Instructions & Guidelines for Abstracts

Eligibility:

This competition is open to all students (Graduates, Post Graduates and Research Scholars). The abstract submission deadline will be closed (approximately) one month before the competition; hence all are requested to submit their abstracts well in advance.

The abstract should include complete details of the contestant (e.g., abstract title, author(s) name & affiliation, abstract etc). Abstracts have to be submitted online or by email. Shortlisted abstracts for the competition will be intimated through email and those will be displayed on the website as well.

This competition is open to all students (Graduates, Post Graduates and Research Scholars). The abstract submission deadline will be closed (approximately) one month before the competition; hence all are requested to submit their abstracts well in advance.

If the registered author/poster presenter is unable to attend the conference he/she may send a substitute who can be a co-author (or) any member from the same institution. If the substitute is adjudged as winner then he/she will be awarded the prize money, and the registered author/contestant will have no claim.

By submitting an abstract and poster, you certify that (1) the research, abstract and oral presentation/poster are your original work or original work conducted by you and other authors; and (2) all co-authors are appropriately credited for their contributions and have been informed of the submission. Violation of these requirements will result in disqualification.

Submission Categories:

  • Basic Science Research
  • Clinical Medicine (Research Study)
  • Case Report

Basic Science Research:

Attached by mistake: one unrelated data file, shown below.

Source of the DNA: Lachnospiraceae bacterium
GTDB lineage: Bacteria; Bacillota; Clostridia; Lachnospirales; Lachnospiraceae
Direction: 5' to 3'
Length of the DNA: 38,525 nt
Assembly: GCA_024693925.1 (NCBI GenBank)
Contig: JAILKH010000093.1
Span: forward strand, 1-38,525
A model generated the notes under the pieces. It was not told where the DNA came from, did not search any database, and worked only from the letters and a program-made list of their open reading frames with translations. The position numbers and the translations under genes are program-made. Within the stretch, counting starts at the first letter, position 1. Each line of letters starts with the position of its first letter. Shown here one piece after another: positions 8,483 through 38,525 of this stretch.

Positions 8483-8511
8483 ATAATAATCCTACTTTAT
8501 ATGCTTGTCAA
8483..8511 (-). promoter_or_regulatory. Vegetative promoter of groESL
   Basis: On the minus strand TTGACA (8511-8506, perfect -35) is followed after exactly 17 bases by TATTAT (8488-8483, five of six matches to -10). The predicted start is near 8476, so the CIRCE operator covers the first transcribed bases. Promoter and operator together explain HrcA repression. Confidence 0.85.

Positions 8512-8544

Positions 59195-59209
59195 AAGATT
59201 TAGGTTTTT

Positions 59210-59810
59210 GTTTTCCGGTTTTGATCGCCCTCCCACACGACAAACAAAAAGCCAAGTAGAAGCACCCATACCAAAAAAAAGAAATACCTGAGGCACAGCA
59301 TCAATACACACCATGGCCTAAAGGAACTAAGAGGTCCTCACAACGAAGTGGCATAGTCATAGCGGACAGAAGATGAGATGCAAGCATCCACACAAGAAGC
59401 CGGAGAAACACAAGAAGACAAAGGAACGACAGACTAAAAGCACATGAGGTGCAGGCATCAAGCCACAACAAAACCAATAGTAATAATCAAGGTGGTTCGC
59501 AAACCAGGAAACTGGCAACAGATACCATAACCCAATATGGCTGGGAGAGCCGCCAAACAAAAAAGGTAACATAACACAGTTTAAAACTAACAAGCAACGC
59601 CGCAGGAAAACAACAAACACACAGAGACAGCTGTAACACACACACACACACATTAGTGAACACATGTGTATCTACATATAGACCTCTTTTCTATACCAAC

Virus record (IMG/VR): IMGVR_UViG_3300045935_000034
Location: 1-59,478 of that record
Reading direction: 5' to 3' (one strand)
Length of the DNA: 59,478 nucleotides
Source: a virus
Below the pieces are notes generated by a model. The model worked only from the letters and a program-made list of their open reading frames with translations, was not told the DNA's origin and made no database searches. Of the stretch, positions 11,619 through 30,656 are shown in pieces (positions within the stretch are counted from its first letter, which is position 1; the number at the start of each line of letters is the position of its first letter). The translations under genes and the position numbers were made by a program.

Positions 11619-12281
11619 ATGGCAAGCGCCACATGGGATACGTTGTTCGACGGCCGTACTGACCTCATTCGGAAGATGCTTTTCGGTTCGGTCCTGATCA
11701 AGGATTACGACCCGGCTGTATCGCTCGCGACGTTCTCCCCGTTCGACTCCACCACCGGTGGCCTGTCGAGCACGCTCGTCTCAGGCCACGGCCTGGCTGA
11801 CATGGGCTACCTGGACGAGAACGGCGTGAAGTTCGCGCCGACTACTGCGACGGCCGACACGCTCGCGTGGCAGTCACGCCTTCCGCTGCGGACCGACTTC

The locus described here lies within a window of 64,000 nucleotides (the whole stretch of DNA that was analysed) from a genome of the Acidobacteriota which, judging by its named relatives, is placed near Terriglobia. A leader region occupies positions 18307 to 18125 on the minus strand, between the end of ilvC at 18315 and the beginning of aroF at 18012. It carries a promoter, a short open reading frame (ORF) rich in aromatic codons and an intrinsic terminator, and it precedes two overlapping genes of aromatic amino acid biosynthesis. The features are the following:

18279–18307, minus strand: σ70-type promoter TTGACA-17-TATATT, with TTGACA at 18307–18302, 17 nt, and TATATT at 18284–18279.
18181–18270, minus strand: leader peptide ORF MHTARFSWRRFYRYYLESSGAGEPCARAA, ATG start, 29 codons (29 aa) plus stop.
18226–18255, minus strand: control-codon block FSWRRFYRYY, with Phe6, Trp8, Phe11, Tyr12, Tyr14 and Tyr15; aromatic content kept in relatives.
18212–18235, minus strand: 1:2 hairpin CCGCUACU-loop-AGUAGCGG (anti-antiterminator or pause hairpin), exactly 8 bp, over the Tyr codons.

To improve human health, scientific discoveries must be translated into practical applications. These discoveries typically begin at the bench with basic research - in which scientists’ study disease at a molecular or cellular level.

Clinical Medicine (Research Study):

Patient-oriented investigations conducted with human subjects, for which an investigator directly interacts with human subjects. This area of research includes: mechanisms of human disease; therapeutic interventions; clinical trials; development of new technologies; analysis of existing datasets; epidemiologic and behavioral studies; public or community health, or social determinants of health.

Case Report:

Report one or more cases that illustrate a new disease entity, or a prominent or unusual clinical feature of an established disease. It may include a summary of pertinent patient history, physical findings, laboratory data, or management description

Note on Authorship:

In general, authors for research/case presentations are typically all persons who contributed to the intellectual content of the work. You must give credit where it is due (e.g. those generating data/graphs you use), and authors must all have an understanding of the work being presented; however, for case presentations, not every physician seeing a patient throughout the course of their treatment needs to be included as authors. The first author is assumed to be the presenting author, while the subsequent authors can be presented in a number of ways. In most fields of science, the last author is the principal or most senior investigator. Prior to application submission, the presenting author should contact all authors to determine if the order of authorship is important. Typically, the presenting author sends drafts of the abstract to all authors for input before it is submitted for the competition.